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The introvert in me loved this book and related to the narrator, elderly recluse Aaliya, from nearly the first page. She spends her days holed up in her apartment, translating literature and philosophy into Arabic and eavesdropping on her neighbors. Listening in on the women's conversations is as far as Aaliya will go—she is deeply and personally invested in their lives even as she avoids direct contact with them. This is far from the only contradiction in her solitary life; her translations, the result of nearly fifty years of labor, have never been read by anyone. Once each book is complete, Aaliya packs the pages away in boxes and stores them in a spare room. She claims the process is what she values, not the product, and that publication has never interested her, but it soon becomes clear that Aaliya can't be counted on to be completely honest about her feelings.

It's amazing to me how much I could relate to Aaliya, considering how stretched I was by other elements of the novel. I knew next to nothing going in about Beirut, Aaliya's beloved but embattled hometown, but Alameddine's descriptions of not only the physical surroundings but the emotions, the atmosphere of the city made it real to me. I also have very little experience with philosophy, and I could practically feel the rush of air as Alameddine's references passed over my head. Imagine my disappointment when Aaliya mentions The Color Purple—finally, a book I'd actually read!only to say how she disliked it. Sigh. A scholar I'm not, though I suppose if that's a problem, it's mine, not the author's.

Despite the distancing effect of the allusions, I was drawn into the lonely world Aaliya builds around herself, especially as she reveals how she lost her best (and possibly only) friend years before. Aaliya expresses disgust at novelists who insist on epiphanies for their characters, and her cynicism almost made me believe there would be no redemption for her, no relief from her loneliness, no meaning to be found in the strict confines of her life, but fortunately Alameddine doesn't abandon her to oblivion. What really clinched my enjoyment of the novel was one of the final scenes, in which Aaliya gets what she needs whether she likes it or not. May we all be so lucky.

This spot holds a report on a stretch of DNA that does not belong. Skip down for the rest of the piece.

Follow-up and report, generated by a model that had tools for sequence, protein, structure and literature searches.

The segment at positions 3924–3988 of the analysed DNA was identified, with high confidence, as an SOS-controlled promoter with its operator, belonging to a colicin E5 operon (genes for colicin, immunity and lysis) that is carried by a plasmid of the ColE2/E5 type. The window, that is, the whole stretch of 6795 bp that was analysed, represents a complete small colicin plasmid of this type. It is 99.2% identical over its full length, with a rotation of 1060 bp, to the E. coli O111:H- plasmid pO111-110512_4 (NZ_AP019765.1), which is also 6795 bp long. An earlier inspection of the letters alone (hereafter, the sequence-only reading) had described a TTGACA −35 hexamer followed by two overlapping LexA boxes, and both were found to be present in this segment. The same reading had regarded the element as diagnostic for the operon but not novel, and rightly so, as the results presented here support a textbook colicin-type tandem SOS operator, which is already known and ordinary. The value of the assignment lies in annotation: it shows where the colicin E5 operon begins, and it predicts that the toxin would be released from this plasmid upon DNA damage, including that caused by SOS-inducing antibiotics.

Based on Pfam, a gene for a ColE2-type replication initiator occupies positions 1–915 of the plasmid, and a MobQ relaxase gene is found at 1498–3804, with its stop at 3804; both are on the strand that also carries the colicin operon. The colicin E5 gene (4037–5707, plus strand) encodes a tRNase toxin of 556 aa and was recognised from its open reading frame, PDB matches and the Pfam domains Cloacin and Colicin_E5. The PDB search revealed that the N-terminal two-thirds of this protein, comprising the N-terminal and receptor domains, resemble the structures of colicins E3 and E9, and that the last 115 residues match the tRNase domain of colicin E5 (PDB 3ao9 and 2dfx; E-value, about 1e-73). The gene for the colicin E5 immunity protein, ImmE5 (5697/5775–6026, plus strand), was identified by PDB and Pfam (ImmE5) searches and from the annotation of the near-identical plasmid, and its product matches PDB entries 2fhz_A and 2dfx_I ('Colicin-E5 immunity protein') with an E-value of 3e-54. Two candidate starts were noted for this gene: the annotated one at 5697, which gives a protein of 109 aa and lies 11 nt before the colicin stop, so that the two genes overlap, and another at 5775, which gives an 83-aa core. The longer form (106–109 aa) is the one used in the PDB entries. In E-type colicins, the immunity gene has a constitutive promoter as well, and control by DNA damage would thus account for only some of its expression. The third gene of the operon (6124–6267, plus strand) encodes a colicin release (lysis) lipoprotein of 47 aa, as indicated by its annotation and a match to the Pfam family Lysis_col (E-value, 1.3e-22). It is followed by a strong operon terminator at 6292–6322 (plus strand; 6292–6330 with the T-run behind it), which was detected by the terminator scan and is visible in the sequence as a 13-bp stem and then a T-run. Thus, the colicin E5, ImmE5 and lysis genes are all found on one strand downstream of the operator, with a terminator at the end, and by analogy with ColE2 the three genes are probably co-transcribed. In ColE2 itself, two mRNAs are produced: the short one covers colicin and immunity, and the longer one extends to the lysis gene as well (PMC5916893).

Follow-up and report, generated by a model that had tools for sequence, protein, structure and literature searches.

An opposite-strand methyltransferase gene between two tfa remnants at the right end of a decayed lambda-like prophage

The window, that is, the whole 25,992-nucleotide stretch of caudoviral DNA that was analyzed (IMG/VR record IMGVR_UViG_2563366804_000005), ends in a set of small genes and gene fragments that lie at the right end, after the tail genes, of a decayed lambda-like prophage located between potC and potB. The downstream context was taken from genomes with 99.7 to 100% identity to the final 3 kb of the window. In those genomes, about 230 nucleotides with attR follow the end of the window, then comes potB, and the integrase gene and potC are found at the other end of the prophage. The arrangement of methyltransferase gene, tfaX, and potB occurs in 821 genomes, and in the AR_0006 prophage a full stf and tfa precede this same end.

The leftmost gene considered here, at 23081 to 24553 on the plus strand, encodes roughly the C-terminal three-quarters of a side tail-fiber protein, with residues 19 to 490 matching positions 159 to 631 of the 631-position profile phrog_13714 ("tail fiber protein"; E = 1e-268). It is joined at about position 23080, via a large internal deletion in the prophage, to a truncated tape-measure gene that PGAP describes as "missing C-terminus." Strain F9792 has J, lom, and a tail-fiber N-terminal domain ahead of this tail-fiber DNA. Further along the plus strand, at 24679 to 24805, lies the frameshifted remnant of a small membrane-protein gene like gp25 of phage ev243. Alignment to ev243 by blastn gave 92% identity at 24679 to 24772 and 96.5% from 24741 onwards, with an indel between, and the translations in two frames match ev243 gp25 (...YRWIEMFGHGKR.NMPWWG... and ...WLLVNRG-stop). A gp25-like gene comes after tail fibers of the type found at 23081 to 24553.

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I have a well-documented fascination with extreme religions. I've written before about the dark, twisted world of Scientology, and I've also recommended a couple novels about children of religious extremists. There's just something about religion gone wrong that draws me in.

In The Children Act, it's more a case of religion against mainstream culture, but the interplay between believers and agents of the court is still riveting. Fiona Maye is a judge in family court, presiding over contentious divorces and embittered custody battles. One day an emergency case is added to her list: a seventeen-year-old boy named Adam is refusing on religious grounds a blood transfusion that would save his life. Fiona has to decide whether to respect Adam's wishes or to allow the hospital to intervene despite them.

In late middle age, Fiona is a highly professional and experienced judge. However, Adam's case may prove to be her undoing. Maybe her personal life clouds her judgment—her husband has just asked for her permission to have an affair, seemingly clueless as to why this would upset her—but whatever the reason, she handles Adam's case differently than perhaps she normally would. Instead of sending a social worker to interview Adam, Fiona suspends the court's activities and ventures to the hospital herself, believing that she should confront such a serious situation personally. Unfortunately, that fateful visit and Fiona's subsequent ruling have a far too personal effect on Adam, and Fiona may not be able to regain her professional distance ever again.

Although this is a fairly short book, clocking in under 250 pages, McEwan has packed in plenty of weighty ethical questions. At what age is a person truly able to make life-and-death decisions? How certain can we be that the views of the child are not just the views of the parents, reflected back in eager hope of approval? And the question most critical to Fiona's life and most interesting to me, where is the boundary between professional interest and personal responsibility?

An engaging medical and legal drama, The Children Act asks lots of uncomfortable questions. It's the kind of book you speed through, anxious to find out the ending, but the characters and their fraught lives linger in your head long after you've learned what becomes of them.